28. Agulnik M: New developments in mammalian target of rapamycin inhibitors for the treatment of sarcoma. Cancer. 2012, 118 (6): 1486-1497. 10.1002/cncr.26361.

    Article  CAS  PubMed Central  PubMed  Google Scholar 

  29. Jessen WJ, Miller SJ, Jousma E, Wu J, Rizvi TA, Brundage ME, Eaves D, Widemann B, Kim MO, Dombi E, et al.: MEK inhibition exhibits efficacy in human and mouse neurofibromatosis tumors. J Clin Invest. 2013, 123 (1): 340-347. 10.1172/JCI60578.

    Article  CAS  PubMed Central  PubMed  Google Scholar 

Download references


This study was presented at the “Journées Dermatologiques De Paris” in 2006 as a poster.

Author information

Authors and Affiliations


Corresponding author

Correspondence to Laurence Valeyrie-Allanore.

Additional information

Competing interests

The author’s declare no competing interests.

No financial support was provided for this work from pharmaceutical industry or other institutions.

Authors’ contributions

OZ made substantial contributions to the analysis and interpretation of data and was involved in drafting the manuscript. EF made substantial contributions to the acquisition, analysis and interpretation of data and was involved in drafting the manuscript. LZ made substantial contributions to the analysis and interpretation of data and was involved in revising the manuscript critically for important intellectual content. ES performed the statistical analysis, made substantial contributions to the analysis and interpretation of data and was involved in revising the manuscript critically for important intellectual content. NO performed histopathological analysis of the tumor specimens and was involved in revising the manuscript critically for important intellectual content. EB made substantial contributions to the acquisition of data and was involved in revising the manuscript critically for important intellectual content. PW made substantial contributions to the analysis and interpretation of data and was involved in revising the manuscript critically for important intellectual content. LVA made substantial contributions to the interpretation of data and was involved in drafting the manuscript. All authors have read and approved the final version to be published.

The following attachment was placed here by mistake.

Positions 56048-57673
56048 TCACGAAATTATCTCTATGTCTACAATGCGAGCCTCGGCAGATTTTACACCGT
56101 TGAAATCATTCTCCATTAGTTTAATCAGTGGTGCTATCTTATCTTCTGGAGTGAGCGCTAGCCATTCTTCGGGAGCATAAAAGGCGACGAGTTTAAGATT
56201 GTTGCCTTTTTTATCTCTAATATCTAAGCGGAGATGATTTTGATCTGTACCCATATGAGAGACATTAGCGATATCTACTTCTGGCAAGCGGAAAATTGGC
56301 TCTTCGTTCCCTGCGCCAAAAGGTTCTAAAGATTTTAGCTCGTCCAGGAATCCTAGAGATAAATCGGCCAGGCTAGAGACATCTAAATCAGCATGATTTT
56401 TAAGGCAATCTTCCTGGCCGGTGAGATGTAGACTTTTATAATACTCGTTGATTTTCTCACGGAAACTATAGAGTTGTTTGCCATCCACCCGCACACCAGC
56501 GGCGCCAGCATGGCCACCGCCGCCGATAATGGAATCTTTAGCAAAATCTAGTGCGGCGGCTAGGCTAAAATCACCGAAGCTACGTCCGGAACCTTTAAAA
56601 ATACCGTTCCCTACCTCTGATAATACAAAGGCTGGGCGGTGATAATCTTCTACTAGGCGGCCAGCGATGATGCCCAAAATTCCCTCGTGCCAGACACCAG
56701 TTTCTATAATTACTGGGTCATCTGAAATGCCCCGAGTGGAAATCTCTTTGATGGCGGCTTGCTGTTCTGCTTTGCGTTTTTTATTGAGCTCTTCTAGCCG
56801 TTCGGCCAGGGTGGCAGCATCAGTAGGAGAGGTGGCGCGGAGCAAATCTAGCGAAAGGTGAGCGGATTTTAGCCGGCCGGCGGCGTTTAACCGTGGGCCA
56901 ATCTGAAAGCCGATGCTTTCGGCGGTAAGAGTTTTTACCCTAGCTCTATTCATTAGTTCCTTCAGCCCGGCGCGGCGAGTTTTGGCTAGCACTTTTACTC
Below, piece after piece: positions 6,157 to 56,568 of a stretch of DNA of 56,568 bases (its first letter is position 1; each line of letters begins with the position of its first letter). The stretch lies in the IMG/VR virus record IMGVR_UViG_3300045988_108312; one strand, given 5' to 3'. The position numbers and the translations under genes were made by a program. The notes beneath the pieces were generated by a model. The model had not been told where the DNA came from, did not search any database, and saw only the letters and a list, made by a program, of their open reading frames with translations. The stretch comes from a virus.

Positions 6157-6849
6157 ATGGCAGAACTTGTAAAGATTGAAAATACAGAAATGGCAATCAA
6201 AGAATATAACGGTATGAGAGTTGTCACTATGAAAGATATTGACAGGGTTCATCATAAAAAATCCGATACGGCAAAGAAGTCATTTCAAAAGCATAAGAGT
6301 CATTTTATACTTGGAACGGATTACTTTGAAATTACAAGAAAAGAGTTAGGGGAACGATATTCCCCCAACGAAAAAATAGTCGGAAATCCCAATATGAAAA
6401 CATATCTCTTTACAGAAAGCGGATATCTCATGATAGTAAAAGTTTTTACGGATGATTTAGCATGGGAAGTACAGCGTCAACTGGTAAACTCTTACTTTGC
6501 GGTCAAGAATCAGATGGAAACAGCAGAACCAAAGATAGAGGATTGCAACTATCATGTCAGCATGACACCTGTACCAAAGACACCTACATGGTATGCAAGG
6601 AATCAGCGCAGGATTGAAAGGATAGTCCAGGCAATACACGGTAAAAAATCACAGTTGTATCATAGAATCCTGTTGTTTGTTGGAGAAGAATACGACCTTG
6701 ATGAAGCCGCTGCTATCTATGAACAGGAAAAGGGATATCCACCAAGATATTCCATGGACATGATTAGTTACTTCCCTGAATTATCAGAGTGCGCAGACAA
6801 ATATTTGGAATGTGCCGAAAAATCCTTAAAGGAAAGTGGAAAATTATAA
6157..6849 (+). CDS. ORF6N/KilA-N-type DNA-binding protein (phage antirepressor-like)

Ouidad Zehou, Elizabeth Fabre, Pierre Wolkenstein and Laurence Valeyrie-Allanore contributed equally to this work.

Authors’ original submitted files for images

Rights and permissions

Open Access This article is published under license to BioMed Central Ltd. This is an Open Access article is distributed under the terms of the Creative Commons Attribution License ( ), which permits unrestricted use, distribution, and reproduction in any medium, provided the original work is properly cited.

Reprints and permissions

About this article

Cite this article

Zehou, O., Fabre, E., Zelek, L. et al. Chemotherapy for the treatment of malignant peripheral nerve sheath tumors in neurofibromatosis 1: a 10-year institutional review. Orphanet J Rare Dis 8, 127 (2013).

Download citation

  • Received:

  • Accepted:

  • Published:

  • DOI: